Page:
A tale of two dissorophids
When I moved to Canada, one of the first things I started working on was this pair of blocks, each with a complete skull of Cacops morrisi. One was articulated with the front half of the body, and the other had a nearly complete backbone lying on top of it. This was some of my first exposure to the Richards Spur locality, and these specimens were AMAZING. I spent the first couple months of my PhD studying these (in parallel with metoposaurid projects of course), during the course of which I did a little bit of prep on each of them. Lo and behold, there was actually more Cacops in each block. The first block (we'll call it block A) with the articulated skeleton had a snout on it, and the second block (block B) with the full backbone had part of a postorbital (behind the eye) region. Cool, no problem, add it into the description. It was late one night (like 8 PM, so not that late, but the sun sets at 5 in March up here, so it was uncomfortably dark outside), and I was putting together the last touches on my manuscript. I wrote the sentence, "block A has a complete skull and a partial skull with the pre-orbital region, and block B has a complete skull and a partial skull with the postorbital region." My thoughts then proceeded in the following fashion:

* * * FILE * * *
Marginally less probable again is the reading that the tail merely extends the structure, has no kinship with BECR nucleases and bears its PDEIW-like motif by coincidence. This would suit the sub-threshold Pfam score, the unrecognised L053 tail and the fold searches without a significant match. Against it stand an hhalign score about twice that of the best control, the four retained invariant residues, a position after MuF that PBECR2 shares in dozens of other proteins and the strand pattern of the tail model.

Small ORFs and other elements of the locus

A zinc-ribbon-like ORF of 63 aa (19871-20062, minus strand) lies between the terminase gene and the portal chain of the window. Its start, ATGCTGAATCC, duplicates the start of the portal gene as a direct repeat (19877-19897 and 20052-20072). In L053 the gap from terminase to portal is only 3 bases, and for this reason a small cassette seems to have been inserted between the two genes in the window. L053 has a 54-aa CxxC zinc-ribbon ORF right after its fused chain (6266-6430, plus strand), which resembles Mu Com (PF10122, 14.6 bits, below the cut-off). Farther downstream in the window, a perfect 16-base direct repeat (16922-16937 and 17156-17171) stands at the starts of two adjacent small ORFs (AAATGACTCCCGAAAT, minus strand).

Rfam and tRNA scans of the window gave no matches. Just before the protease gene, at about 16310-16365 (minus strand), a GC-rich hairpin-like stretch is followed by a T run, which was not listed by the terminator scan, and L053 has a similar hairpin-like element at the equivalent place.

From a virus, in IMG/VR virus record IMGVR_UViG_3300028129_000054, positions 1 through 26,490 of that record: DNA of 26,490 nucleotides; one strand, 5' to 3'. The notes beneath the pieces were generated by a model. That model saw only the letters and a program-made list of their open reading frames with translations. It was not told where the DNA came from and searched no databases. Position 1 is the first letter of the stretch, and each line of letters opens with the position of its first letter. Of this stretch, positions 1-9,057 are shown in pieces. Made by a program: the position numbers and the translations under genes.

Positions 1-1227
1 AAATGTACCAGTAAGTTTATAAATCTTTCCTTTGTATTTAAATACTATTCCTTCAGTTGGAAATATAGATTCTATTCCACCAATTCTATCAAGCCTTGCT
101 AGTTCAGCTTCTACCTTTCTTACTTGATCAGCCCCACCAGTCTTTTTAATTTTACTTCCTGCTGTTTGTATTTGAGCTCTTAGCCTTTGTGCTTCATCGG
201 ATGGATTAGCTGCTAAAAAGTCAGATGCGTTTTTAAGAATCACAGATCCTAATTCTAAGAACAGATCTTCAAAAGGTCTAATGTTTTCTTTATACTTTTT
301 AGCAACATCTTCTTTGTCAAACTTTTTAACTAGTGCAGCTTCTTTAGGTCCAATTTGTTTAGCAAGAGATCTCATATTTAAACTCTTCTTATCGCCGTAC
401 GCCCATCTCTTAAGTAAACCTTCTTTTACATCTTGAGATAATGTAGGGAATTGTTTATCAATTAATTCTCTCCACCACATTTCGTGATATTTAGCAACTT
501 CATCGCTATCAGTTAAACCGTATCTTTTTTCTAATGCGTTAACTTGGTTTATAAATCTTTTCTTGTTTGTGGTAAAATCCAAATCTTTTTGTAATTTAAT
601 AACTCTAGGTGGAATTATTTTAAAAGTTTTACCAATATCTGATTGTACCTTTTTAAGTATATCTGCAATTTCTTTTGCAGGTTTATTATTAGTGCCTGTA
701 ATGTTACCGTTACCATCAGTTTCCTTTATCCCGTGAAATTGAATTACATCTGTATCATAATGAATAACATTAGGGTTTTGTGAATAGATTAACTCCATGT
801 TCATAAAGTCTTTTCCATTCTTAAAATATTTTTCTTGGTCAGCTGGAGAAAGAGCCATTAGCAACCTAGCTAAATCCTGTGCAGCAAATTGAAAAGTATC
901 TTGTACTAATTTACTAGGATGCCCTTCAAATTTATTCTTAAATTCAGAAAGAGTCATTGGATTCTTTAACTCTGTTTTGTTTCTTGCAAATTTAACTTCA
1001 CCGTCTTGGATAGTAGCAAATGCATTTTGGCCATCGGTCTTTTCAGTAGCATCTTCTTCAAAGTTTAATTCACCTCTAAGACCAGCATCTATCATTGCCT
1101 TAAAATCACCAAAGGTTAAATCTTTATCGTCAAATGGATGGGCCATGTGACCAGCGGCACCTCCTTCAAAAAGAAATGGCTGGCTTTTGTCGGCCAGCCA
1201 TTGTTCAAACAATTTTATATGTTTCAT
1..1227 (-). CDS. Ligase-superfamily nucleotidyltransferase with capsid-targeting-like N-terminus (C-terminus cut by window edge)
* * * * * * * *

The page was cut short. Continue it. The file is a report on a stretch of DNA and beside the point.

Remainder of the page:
I honestly thought this was some kind of set up - that everybody else had known all along that these blocks fit together and it was some weird test to see whether I could put it together (literally and figuratively). It was not apparently The punchline? Robert got those blocks from different people, and he didn't know they fit together either! Although the fit is tight between blocks (i.e. there wasn't a lot lost on the edges of the blocks), it was only with the exposure of the skull that's broken in half between the two blocks that there was a clear connection; there wasn't really much other fossil spanning the break that would have keyed us into these blocks fitting together. Again, they had distinct specimen numbers too, which usually I've not questioned the reliability of...
Given all of this, the next day, we pulled out all of the large blocks we had from Richards Spur and tried to jigsaw them together. We ended up finding one more fit that comprised a large headless non-Cacops dissorophid, again made of two blocks with different specimen numbers and that came from different people! You can read about that specimen (which also has a Cacops butt preserved on it) in Gee & Reisz (2018b in Fossil Record).
About the blog
A blog on all things temnospondyl written by someone who spends too much time thinking about them. Covers all aspects of temnospondyl paleobiology and ongoing research (not just mine).